Vicente Enriquez, who was Del Pilar's aide-de-camp, wrote his personal testimony of what really happened during the Battle of Tirad Pass.

"I returned to the peak where I had left General Del Pilar but midway up I saw him with Lieutenants Eugenio (this should be Telesforo) Carrasco and Vicente Morales and the bugler. I told him what I had seen. The general quickened his pace on learning that the American could be seen from a certain high point. We arrived at the upper trenches. Then we went to the hilltop where I was and the moment we got there we heard renewed firing and saw our soldiers giving battle. Our soldiers, pointing with their hands, warned Del Pilar that the enemy was almost on top of us, but we could see nothing save an irregular movement in the cogon grass. So the general ordered a halt to the firing. And erect on the hilltop he tried to see and distinguish the enemy. While he was doing this he was hit by a bullet. The general covered his face with both his hands, falling backward and dying instantly. He wore a new khaki uniform with his campaign insignia, his silver spurs, his polished shoulder straps, his silk handkerchiefs, his rings on his fingers. Always handsome and elegant!"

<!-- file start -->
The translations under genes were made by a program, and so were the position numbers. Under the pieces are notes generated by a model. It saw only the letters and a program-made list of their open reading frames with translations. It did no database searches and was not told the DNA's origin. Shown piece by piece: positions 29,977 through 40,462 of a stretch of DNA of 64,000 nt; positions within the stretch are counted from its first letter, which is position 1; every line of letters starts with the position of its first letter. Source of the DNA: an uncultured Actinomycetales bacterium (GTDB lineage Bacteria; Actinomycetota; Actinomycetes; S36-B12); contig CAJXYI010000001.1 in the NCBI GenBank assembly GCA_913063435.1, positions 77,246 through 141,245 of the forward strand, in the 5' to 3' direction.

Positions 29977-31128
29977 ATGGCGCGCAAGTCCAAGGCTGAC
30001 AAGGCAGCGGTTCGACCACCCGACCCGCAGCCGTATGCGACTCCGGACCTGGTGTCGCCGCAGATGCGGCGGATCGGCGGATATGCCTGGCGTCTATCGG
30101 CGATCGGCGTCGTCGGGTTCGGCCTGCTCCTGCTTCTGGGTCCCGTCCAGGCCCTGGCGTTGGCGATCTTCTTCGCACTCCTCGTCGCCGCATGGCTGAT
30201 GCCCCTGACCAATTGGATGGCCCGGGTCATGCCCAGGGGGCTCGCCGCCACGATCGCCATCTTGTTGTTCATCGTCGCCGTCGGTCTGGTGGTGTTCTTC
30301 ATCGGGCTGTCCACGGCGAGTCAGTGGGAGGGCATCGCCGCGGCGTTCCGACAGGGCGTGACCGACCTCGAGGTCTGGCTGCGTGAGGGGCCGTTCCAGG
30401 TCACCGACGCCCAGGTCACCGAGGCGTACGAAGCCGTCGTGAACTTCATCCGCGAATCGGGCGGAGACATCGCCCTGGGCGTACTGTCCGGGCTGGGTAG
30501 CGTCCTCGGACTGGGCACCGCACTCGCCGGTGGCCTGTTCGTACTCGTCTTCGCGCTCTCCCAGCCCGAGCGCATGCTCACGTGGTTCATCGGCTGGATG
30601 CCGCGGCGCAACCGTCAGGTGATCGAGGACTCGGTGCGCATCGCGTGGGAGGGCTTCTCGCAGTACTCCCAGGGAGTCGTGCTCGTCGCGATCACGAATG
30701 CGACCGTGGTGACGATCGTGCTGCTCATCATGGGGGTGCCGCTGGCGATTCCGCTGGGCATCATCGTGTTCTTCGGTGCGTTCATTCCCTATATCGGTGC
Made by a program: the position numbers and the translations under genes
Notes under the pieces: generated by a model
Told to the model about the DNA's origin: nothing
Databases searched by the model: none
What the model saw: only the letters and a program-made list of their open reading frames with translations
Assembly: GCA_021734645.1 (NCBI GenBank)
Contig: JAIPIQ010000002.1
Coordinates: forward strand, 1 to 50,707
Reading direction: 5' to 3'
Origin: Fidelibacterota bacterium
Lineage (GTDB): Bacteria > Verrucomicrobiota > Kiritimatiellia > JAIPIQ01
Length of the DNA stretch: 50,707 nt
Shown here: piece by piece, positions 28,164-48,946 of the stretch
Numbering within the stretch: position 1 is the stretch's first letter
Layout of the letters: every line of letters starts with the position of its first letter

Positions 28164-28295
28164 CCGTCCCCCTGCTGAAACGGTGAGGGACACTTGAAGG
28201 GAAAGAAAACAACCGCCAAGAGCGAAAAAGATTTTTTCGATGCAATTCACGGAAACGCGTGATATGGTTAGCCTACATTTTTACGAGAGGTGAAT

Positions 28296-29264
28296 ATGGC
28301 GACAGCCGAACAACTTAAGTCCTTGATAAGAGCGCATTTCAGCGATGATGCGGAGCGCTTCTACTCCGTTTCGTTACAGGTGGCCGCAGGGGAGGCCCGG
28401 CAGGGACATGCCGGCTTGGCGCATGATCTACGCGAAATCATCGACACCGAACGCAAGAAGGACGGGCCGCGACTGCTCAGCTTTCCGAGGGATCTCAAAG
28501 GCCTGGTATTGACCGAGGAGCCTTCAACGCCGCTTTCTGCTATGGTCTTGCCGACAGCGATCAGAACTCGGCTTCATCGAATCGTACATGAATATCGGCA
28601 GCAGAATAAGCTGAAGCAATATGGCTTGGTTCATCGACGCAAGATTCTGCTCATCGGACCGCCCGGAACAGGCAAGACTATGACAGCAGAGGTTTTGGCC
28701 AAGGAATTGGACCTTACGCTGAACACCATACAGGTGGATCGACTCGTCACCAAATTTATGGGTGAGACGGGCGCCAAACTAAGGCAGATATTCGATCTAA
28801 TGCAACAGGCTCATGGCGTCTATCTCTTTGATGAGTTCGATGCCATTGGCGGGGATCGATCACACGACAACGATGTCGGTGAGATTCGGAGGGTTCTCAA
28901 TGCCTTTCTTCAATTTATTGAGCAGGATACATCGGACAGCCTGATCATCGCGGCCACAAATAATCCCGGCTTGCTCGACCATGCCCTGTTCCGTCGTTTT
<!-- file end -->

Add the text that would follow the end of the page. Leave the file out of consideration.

Another account comes from Adjutant Telesforo Carrasco:

"The general could not see the enemy because of the cogon grass and he ordered a halt to the firing. At that moment I was handing him a carbine and warning him that the Americans were directing their fire at him and that he should crouch down because of his life was in danger and at that moment he was hit by a bullet in the neck and that caused instant death. On seeing that the general was dead, the soldiers jumped up as if to flee, but I aimed at the carbine at them saying I would blow the skull off the brains of the first to run, whereupon they resumed fighting while the body of the general was being removed to the next trench."

Gregorio Del Pilar's remains were plundered by the Americans. He was left naked except for his underwear. For days, his body remained in the trench until the Igorots buried him. He was recognized because of his dental braces and gold fillings.

General Goyo's glory will forever be linked with that "battle above the clouds".